Friday, January 2, 2009

Concluding the Series on The IndieAuthor Guide

Bottom Line It For Me, Baby Version (200 words or less):
I'm taking this blog in a new direction, but don't worry: if you've been following along with the series from The IndieAuthor Guide, you will not leave empty-handed. Just because I'd like to start blogging on other topics doesn't mean you don't get to see the rest of the book.

Go On An' Run Yo Mouth, I Ain't Got Nuthin' But Time Version (can't promise it won't go on forever):
I’ve decided to conclude the serialization of my book, The IndieAuthor Guide, but I won’t cheat my readers out of the rest of the book’s content, and I will still provide it free of charge and with no strings attached. More about that later in this post.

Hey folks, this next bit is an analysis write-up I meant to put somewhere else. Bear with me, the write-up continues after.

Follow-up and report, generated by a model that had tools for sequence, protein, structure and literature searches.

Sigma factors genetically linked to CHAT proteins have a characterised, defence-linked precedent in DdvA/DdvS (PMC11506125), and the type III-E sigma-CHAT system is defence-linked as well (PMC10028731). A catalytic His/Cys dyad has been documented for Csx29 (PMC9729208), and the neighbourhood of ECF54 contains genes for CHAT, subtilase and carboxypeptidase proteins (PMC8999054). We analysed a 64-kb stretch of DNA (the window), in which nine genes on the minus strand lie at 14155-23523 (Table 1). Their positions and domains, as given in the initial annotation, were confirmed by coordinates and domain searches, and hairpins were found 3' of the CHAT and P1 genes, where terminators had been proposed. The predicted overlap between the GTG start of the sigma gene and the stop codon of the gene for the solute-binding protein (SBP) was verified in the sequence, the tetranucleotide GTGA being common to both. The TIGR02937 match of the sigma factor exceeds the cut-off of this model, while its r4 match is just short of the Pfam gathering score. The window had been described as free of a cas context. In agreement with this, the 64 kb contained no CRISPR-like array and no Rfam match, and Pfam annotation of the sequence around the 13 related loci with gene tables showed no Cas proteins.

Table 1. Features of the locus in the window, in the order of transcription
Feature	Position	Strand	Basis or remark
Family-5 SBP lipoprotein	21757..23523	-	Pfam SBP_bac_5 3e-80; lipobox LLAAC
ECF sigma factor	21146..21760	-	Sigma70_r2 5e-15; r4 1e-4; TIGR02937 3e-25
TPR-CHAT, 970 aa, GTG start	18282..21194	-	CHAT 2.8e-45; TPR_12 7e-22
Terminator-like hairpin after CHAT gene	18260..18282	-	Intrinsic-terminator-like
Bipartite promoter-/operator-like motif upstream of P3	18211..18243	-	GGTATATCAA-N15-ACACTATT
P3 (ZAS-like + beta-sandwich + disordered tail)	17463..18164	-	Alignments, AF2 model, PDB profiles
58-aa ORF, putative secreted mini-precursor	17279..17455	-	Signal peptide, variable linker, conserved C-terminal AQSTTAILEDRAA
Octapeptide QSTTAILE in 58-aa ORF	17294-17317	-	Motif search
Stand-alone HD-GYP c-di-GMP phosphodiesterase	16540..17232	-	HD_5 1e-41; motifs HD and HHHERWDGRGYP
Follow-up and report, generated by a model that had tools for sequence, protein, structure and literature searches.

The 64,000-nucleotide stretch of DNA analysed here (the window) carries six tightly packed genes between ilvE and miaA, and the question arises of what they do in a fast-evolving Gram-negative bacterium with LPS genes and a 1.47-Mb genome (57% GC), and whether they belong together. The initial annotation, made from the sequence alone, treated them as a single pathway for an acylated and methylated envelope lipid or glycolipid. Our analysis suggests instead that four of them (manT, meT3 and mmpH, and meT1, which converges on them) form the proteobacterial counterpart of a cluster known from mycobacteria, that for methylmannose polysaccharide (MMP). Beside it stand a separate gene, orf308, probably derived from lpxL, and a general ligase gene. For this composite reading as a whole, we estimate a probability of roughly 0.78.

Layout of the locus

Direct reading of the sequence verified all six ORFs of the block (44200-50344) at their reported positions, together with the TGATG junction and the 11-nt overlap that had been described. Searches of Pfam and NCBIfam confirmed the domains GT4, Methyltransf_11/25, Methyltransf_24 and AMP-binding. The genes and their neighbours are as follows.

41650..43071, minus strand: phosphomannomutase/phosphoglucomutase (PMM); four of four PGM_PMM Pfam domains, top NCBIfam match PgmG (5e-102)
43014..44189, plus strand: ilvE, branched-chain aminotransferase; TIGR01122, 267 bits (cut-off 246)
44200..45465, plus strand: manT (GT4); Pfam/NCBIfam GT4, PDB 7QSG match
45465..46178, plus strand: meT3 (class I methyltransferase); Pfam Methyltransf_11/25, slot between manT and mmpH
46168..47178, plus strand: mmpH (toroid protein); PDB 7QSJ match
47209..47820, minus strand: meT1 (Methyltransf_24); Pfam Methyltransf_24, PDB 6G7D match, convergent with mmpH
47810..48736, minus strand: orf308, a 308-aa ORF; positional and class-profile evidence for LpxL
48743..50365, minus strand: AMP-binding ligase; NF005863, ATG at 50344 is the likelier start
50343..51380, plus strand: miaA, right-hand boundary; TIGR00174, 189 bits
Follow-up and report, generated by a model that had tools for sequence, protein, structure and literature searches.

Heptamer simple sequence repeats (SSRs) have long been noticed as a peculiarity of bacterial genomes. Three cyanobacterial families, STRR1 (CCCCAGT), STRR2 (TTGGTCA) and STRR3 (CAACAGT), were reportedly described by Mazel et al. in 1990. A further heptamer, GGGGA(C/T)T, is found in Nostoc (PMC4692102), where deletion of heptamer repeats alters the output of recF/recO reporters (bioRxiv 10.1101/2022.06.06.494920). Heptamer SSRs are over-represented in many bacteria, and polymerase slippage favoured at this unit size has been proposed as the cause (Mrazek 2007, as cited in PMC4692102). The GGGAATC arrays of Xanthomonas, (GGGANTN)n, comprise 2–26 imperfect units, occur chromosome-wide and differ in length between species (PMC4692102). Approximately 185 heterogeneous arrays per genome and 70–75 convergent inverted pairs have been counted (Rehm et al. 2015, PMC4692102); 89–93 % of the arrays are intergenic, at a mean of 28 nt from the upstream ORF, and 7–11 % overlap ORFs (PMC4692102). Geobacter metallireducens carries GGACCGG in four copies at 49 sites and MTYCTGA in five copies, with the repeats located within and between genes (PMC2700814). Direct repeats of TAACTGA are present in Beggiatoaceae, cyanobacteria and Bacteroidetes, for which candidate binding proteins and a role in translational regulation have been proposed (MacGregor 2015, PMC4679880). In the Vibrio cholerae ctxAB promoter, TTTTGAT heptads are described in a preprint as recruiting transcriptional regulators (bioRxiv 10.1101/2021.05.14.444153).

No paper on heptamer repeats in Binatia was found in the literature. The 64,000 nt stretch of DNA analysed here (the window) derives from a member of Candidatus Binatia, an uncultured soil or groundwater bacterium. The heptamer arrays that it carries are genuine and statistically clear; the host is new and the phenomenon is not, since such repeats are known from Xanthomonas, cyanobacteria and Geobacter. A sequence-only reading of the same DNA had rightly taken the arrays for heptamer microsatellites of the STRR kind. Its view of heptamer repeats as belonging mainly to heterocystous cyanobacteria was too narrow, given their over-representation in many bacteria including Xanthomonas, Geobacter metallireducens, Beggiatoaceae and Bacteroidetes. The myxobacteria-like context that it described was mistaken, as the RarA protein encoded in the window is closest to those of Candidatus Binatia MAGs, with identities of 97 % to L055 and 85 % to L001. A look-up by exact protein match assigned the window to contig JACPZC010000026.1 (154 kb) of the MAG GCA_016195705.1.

I’m changing direction because I feel there are too many vital topics I ought to be discussing in regard to indie authorship and the state of publishing in general, but I can’t devote much blog real estate to those topics if I continue posting lengthy excerpts from my book. While many of you are very interested in the series from my book, I know some of you are also very interested in those other topics I’d like to discuss. It takes a lot of time and effort to copy content from the book and get it re-formatted to work as a blog post too, and I’m often forced to leave illustrations and graphic elements out of the posts. This problem will only get worse as I move into the chapters on designing your own book cover and promotion. I’d rather just provide the book in its original format, with all of its content intact, and give myself more time to keep blogging regularly on topics of interest to the indie author community at large.